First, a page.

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Shostakovich sy7 LSO0859
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Dmitri Shostakovich (1906-1975)
Symphony No. 7 in C major, Op. 60 Leningrad (1941)
London Symphony Orchestra/Gianandrea Noseda
rec. live, 5 December 2019, Barbican Hall, London

This is the first disc in Gianandrea Noseda's cycle of Shostakovich Symphonies on the LSO Live label that I have heard let alone reviewed. My understanding is that in general they have been well received. I must admit that nothing particular I hear on this disc encourages me to seek out further volumes. Of course this is well played and the recording is pretty good. I did listen to the SACD stereo layer which is clear but there is little acoustic glamour to the sound and the music rarely develops the crushing weight that makes this work a compelling emotional (rather than simply musical) experience.

Eighty or so years after its creation the Leningrad Symphony remains for many listeners and critics a controversial work. Some see it at best as a propagandist work while others struggle to get beyond the perceived overblown and empty rhetoric. I must admit that having heard it several times in live performance I believe it can be an intense and indeed moving experience. The skill of the conductor is to make virtues out of the form and structure of the work which in lesser hands do appear as weaknesses. And weaknesses are how they sound in this performance. I am not sure I have ever heard a performance less willing to push the musical boundaries of dynamic or attack or simple energy. This is a performance of compromise – often beautifully achieved but whereas this is a work conceived in bold primary oil paints here is a performance executed is tasteful pastels. Yes of course the orchestra do play “loud” or “soft” as the score indicates but time and again I felt that Noseda was not pushing the envelope in which an orchestra as good as the LSO can play with easy comfort. Usually I would applaud a conductor who meticulously observes the directions marked in the score which Noseda undoubtedly does. However, the result here is that the focus on detail somehow undermines the grandiose rhetorical sweep of the work. Noseda is very good at the minutiae but less effective at the bigger, indeed simpler, picture

On disc this has been a work which has received several wholly convincing recordings. Consider some of the conductors who have been especially successful in this work. They are nearly all what might be termed conductors who revel in dramatic and indeed passionate performances. Famously Leonard Bernstein considered his second recording on DG with the Chicago SO as his single finest achievement in the recording studio. For many years Neeme Jarvi's galvanising performance with the SNO on Chandos regularly featured on the “best of...” lists and for good reason. I would always include performances by Russian/Soviet conductors and orchestras who clearly understand the “life and death” narrative that the work clearly portrays. In contrast, Noseda’s more considered objective approach feels just too emotionally detached. Some of the problem is caused by the actual recording which somehow does not expand as the dynamic demands of the music do. So the climax to the notorious invasion theme in the first movement does not overwhelm and crush the listener as it should. In direct contrast Bernstein's Chicago brass earn every one of their legendary spurs with as much of a musical representation of “shock and awe” as you are ever likely to hear. Or likewise this is the kind of passage where Svetlanov's USSR SO blaze with terrifying intensity. The LSO might be loud but they most certainly are not terrifying. The same is true of the symphony's conclusion where ardent-eyed victory is proclaimed. Somehow Noseda fails to convince that the triumph here is anything but empty. I know that it is fashionable to find a subversive subtext in everything that Shostakovich wrote but surely in this part of this work it is simply meant to represent victory and nothing else.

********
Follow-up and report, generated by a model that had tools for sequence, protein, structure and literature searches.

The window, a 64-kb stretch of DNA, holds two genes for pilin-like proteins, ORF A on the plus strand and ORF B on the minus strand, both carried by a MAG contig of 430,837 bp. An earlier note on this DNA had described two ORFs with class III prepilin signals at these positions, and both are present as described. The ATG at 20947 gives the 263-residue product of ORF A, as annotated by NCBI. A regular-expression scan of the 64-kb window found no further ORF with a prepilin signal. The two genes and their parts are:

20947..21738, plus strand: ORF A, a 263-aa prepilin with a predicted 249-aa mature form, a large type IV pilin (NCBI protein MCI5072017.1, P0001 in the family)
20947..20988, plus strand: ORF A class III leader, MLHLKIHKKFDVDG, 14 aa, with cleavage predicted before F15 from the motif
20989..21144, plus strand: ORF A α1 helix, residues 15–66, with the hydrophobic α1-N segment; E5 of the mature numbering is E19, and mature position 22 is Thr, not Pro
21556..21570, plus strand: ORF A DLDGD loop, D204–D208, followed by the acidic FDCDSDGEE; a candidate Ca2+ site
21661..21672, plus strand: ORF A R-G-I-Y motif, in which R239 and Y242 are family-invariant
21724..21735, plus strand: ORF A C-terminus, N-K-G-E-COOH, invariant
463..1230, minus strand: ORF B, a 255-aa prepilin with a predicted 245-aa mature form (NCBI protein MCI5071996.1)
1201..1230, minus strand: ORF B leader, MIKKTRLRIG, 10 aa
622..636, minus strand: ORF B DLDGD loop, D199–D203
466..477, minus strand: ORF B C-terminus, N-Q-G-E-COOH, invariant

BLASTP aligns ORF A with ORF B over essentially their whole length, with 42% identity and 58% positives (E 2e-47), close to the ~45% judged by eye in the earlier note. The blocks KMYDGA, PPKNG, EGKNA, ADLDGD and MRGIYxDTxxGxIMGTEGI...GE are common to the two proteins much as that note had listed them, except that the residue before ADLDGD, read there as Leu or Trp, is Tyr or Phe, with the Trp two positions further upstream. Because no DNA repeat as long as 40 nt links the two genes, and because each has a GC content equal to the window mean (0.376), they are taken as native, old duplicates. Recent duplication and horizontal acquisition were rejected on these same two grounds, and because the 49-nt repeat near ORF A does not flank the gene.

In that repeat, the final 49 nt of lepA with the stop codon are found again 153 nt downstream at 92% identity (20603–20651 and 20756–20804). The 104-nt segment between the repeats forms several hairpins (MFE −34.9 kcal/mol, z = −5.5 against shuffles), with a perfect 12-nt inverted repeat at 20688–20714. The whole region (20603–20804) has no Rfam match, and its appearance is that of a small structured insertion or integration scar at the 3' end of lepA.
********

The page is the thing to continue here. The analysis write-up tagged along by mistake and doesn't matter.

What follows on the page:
If the outer two movements are emotionally direct and simple, then there are more ambiguities to be found in the inner pair. For whatever reason I felt that Noseda failed to convince here either – the performance seemed to lack direction or intent. Again I cannot fault the playing of the orchestra but there is a distinct lack of tension that needs to underlie even the most superficially serene passages. I am struggling to explain why, but this work has rarely ever engaged me less.

Personally, I believe Shostakovich's “public” symphonies – 7,11 & 12 – are as important a facet of his body of work as a whole as the indisputable masterpieces and that the success of one group cannot be measured without the existence of the other. As such, The Leningrad Symphony remains one of the most important artistic responses to the realities of World War II. This skilled, considered and accomplished performance lacks the immediacy and visceral documentary conviction of the best.

Nick Barnard

Previous review: Roy Westbrook

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